I feel like it's acceptable within the film to see it as an unreasonable choice by Michael, who is under enormous pressure and just cannot maintain the lies any longer. But is there really no logical reason at all why he shouldn't have just stopped showing up at work, or told everyone the truth while off-camera?

  • 1
    I don’t think the portrayal is that it is a good idea for him to disclose during the live broadcast. Commented Aug 1, 2022 at 18:52
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    It's been a long time since I saw this movie - but fundamentally this is a comedy, and the contrivance of the live performance is to make it funnier than the alternatives you suggest.
    – iandotkelly
    Commented Aug 1, 2022 at 20:27
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    But I appreciate that you are looking for an in-universe answer. But the comedic needs of the movie will somewhat impact sound decision making by the character.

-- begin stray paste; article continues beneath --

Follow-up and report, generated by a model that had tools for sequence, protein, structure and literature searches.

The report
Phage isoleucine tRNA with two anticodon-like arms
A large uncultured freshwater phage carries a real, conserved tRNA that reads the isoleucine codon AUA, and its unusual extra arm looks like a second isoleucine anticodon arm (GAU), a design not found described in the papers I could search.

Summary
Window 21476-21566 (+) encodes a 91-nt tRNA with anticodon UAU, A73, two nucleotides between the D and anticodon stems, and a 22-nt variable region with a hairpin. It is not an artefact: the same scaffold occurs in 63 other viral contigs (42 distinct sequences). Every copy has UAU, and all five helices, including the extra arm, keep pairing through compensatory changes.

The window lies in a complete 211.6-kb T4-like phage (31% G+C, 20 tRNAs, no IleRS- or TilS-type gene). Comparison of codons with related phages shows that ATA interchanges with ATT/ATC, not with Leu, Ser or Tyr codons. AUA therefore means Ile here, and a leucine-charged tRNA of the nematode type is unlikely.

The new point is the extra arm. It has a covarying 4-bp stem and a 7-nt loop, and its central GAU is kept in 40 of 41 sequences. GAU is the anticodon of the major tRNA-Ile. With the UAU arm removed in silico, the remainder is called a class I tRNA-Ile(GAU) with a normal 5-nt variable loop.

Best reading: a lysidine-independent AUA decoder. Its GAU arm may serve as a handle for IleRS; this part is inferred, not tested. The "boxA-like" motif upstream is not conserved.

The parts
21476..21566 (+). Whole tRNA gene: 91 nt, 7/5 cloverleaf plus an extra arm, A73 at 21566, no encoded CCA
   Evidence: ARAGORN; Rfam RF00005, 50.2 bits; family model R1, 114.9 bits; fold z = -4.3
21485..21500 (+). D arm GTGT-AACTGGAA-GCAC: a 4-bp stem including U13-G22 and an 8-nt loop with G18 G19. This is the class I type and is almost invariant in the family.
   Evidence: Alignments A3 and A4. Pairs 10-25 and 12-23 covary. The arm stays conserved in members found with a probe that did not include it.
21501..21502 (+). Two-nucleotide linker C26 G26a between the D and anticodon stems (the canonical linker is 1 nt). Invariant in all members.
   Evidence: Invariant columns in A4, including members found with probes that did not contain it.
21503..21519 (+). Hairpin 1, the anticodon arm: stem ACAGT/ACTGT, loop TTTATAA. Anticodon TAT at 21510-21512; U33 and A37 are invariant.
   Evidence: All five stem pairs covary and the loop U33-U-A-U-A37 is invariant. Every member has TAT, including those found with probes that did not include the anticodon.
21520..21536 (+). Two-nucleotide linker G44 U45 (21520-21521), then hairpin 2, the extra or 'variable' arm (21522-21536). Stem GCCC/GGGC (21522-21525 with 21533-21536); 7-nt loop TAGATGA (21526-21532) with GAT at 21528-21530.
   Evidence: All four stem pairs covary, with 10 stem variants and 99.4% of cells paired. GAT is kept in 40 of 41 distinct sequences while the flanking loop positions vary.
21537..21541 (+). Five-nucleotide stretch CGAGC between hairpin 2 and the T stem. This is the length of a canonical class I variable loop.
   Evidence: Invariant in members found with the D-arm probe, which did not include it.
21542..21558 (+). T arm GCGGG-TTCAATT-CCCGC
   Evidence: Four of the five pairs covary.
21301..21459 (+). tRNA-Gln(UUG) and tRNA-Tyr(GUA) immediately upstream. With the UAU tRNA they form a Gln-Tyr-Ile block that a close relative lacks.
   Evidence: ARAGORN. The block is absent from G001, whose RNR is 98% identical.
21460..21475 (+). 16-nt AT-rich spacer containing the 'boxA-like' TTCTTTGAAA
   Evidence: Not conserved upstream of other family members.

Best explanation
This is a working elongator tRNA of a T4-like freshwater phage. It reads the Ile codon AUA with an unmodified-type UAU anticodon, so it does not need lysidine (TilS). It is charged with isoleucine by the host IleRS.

– iandotkelly
    Commented Aug 1, 2022 at 20:58
  • @Todd Wilcox Then why the long, strange story? Why does Michael offer that in-universe explanation of his soap opera character's reasons for pretending to be a woman? Why doesn't Michael abandon the soap opera character completely, and just walk onto the set of the live broadcast and say in his own voice "I'm really a man"?
    – Chaim
    Commented Aug 4, 2022 at 14:58
  • He doesn’t want to ruin his career or tank the show. If you’re asking why he choose to disclose at that time and not wait until after the episode is over or some other time, it’s because his personal crisis about pretending to be a woman has reached the breaking point and he has to end it for emotional reasons. It’s not a logical, reasonable action. It’s an emotional action. Commented Aug 4, 2022 at 15:16